THEOREM 3.2. For any two countable closed sets of real
numbers, one is continuously embeddable into the other.
This also uses the
transfinite decomposition of countable closed sets.
The following is also from the classical folklore.
THEOREM 3.3. For any two countable compact metric spaces,
one is continuously embeddable into the other.
By a more careful argument, we have shown the following.
THEOREM 3.4. For any two countable sets of real numbers,
one is continuously embeddable into the other. For any two
countable metric spaces, one is continuously embeddable
into the other.
Even for countable sets of rationals, we know that, in
various appropriate senses, we must use transfinite
induction of arbitrary countable well ordered lengths.
See my paper 5 Metamathematics of comparability, to appear in Reverse
Mathematics, ed. Simpson, ASL. Available at http://www.math.ohiostate.edu/~friedman/ 4. NONSURJECTIVE RESTRICTIONS.
The following result of ours is deeply connected with the
infinite Ramsey theorem.
THIN SET THEOREM. Let f:Nk Æ N. There exists infinite A Õ N
such that f[Ak] ≠ N.
TST can be derived from the infinite Ramsey theorem, but it
is not known if the infinite Ramsey theorem can be derived
from it. However, we do know that there is no constructive
proof of TST even for k = 2, and any proof must be about as
exotic as he proof of the infinite Ramsey theorem.
This is the simplest example of what we call inequational
Boolean relation theory. BRT will be discussed later in the
talk.
See the paper
Free Sets and Reverse Mathematics, by Cholak, Guisto,
Hirst, and Jockusch, to appear in Reverse Mathematics, ed.
Simpson, ASL. Available at
http://www.nd.edu/~cholak/papers/vitae.html
5. PERMUTATION INVARIANT BOREL FUNCTIONS.
Here is one form of Cantor’s theorem.
THEOREM 5.1. For any infinite sequence of real numbers,
some real number is not a coordinate of the sequence.
There is a reasonable way of getting a real number that is
off the given sequence, from the point of view of
descriptive set theory.
THEOREM 5.2. There is a Borel measurable function F:¬• Æ ¬
such that for all x Œ ¬•, F(x) is not a coordinate of x. 6
The construction of F is by diagonalization, and we expect
that the value of F depends on the order in which the
arguments are given.
THEOREM 5.3. Every permutation invariant Borel function
from ¬• into ¬ maps some infinite sequence to a coordinate.
Permutation invariance makes sense for F:¬• Æ ¬•. One
notion is that if x,y are permutations of each other then
F(x),F(y) are permutations of each other. Another is that
F(p(x)) = p(F(x)) for all permutations p. The results hold
under a variety of related notions.
THEOREM 5.4. Every permutation invariant Borel function
from ¬• into ¬• maps some infinite sequence into an
infinite subsequence.
The proofs use a Baire category argument on the highly
nonseparable and exotic space ¬•, where ¬ is given the
DISCRETE topology.
This is a highly nonseparable argument for a separable
result. We know that there is no separable argument. The
necessary use of the uncountable here is substantially
stronger than what we have encountered up till now.
The necessarily exotic nature of the proof is much more
dramatic when we consider Borel equivalence relations on ¬.
I.e., equivalence relations E Õ ¬ ¥ ¬ which are Borel
measurable.
THEOREM 5.5. Let F:¬• Æ ¬• be a Borel function that
respects the Borel equivalence relation E. Then F maps some
sequence to a subsequence up to E.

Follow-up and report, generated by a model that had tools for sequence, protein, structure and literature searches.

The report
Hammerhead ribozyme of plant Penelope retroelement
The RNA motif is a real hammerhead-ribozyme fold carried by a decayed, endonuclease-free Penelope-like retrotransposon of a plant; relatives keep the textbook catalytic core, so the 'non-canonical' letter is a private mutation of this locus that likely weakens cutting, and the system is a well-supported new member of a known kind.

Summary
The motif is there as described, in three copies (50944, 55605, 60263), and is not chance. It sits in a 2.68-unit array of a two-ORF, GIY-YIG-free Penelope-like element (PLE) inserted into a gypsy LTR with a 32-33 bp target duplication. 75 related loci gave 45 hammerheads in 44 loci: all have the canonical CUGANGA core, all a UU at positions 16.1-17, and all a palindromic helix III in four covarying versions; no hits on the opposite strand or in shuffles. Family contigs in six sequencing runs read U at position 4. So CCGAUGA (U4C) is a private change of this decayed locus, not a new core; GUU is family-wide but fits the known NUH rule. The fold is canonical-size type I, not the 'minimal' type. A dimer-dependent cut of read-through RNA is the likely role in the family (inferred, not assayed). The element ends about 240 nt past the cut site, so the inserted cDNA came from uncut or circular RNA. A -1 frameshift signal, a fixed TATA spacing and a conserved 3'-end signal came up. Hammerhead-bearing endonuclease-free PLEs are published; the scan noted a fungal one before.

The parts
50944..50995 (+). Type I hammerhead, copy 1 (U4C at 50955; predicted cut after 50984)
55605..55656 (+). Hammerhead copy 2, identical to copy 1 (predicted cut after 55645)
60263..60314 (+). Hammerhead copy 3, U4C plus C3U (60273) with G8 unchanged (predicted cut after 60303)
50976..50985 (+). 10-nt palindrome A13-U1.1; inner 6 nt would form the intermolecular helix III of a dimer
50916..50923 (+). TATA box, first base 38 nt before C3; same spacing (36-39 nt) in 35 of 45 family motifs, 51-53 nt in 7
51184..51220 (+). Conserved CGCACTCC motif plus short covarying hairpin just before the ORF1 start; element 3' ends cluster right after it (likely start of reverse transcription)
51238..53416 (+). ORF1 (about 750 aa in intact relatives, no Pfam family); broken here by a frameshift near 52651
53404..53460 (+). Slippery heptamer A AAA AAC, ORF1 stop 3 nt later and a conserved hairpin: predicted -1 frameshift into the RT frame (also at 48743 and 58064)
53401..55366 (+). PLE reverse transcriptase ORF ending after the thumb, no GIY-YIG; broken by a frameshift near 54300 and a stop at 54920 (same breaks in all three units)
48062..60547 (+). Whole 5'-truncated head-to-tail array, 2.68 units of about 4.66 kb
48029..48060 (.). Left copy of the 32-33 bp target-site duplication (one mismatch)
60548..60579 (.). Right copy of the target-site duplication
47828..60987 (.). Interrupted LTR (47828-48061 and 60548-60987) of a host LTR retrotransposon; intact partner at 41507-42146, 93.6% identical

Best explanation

In order to prove this,
theoretic way, but also
even more than this. We
iterations of the power we must not only use ¬ in a set
℘(¬), ℘℘(¬), ℘℘℘(¬), etc., and
must use all countably transfinite
set operation. See my paper
On the Necessary Use of Abstract Set Theory, Advances in Math.,
Vol. 41, No. 3, September 1981, pp. 209280.
6. BOREL SELECTION AND SYMMETRIC BOREL SETS. 7
Let E Õ ¬ ¥ ¬. We say that E is symmetric iff (x,y) Œ E ´
(y,x) Œ E.
We say that f is a selection for E on ¬ iff for all x Œ ¬,
(x,f(x)) Œ E.
Here is some background regarding selection.
THEOREM 6.1. Let E be a Borel set in the plane such that
every vertical cross section is nonempty. There is a
Lebesgue measurable selection for E on ¬, but maybe not be
a Borel selection for E on ¬.
The proof of 6.1 is not exotic. However consider the
following.
THEOREM 6.2. Let E be a symmetric Borel set in the plane.
Then E or ¬\E has a Borel selection on ¬.
The proof of 6.2. uses all countable transfinite iterations
of the power operation in a demonstrably essential way. The
number of iterations of the power set operation needed
corresponds to the level of E in the Borel hierarchy.
We proved Theorem 6.2 using a theorem of infinite game
theory due to Donald Martin, called Borel determinacy. This
theorem was first proved by Martin in the mid 1960’s using
large cardinals going way beyond the ZFC axioms. In 1968 we
proved that any proof of Borel determinacy must use all
countably transfinite iterations of the power set
operation.
In 1974, Martin proved Borel determinacy using exactly all
countably transfinite iteration of the power set operation.
This is exactly what is necessary and sufficient here.
See my paper
On the Necessary Use of Abstract Set Theory, Advances in Math.,
Vol. 41, No. 3, September 1981, pp. 209280.
7. BOREL SELECTION IN BOREL SETS.
There is a series of joint papers by Debs and Saint Raymond
concerning selection theorems (they use different
terminology). 8
THEOREM 7.1. Let S be a Borel set in the plane and E Õ ¬ be
Borel with empty interior. If there is a continuous
selection for S on every compact subset of E, then there is
a continuous selection for S on E.
A proof of Theorem 7.1 using Borel determinacy is implicit
in Debs/Saint Raymond. We have shown that if we use only a
transfinite iteration of the power set operation up to a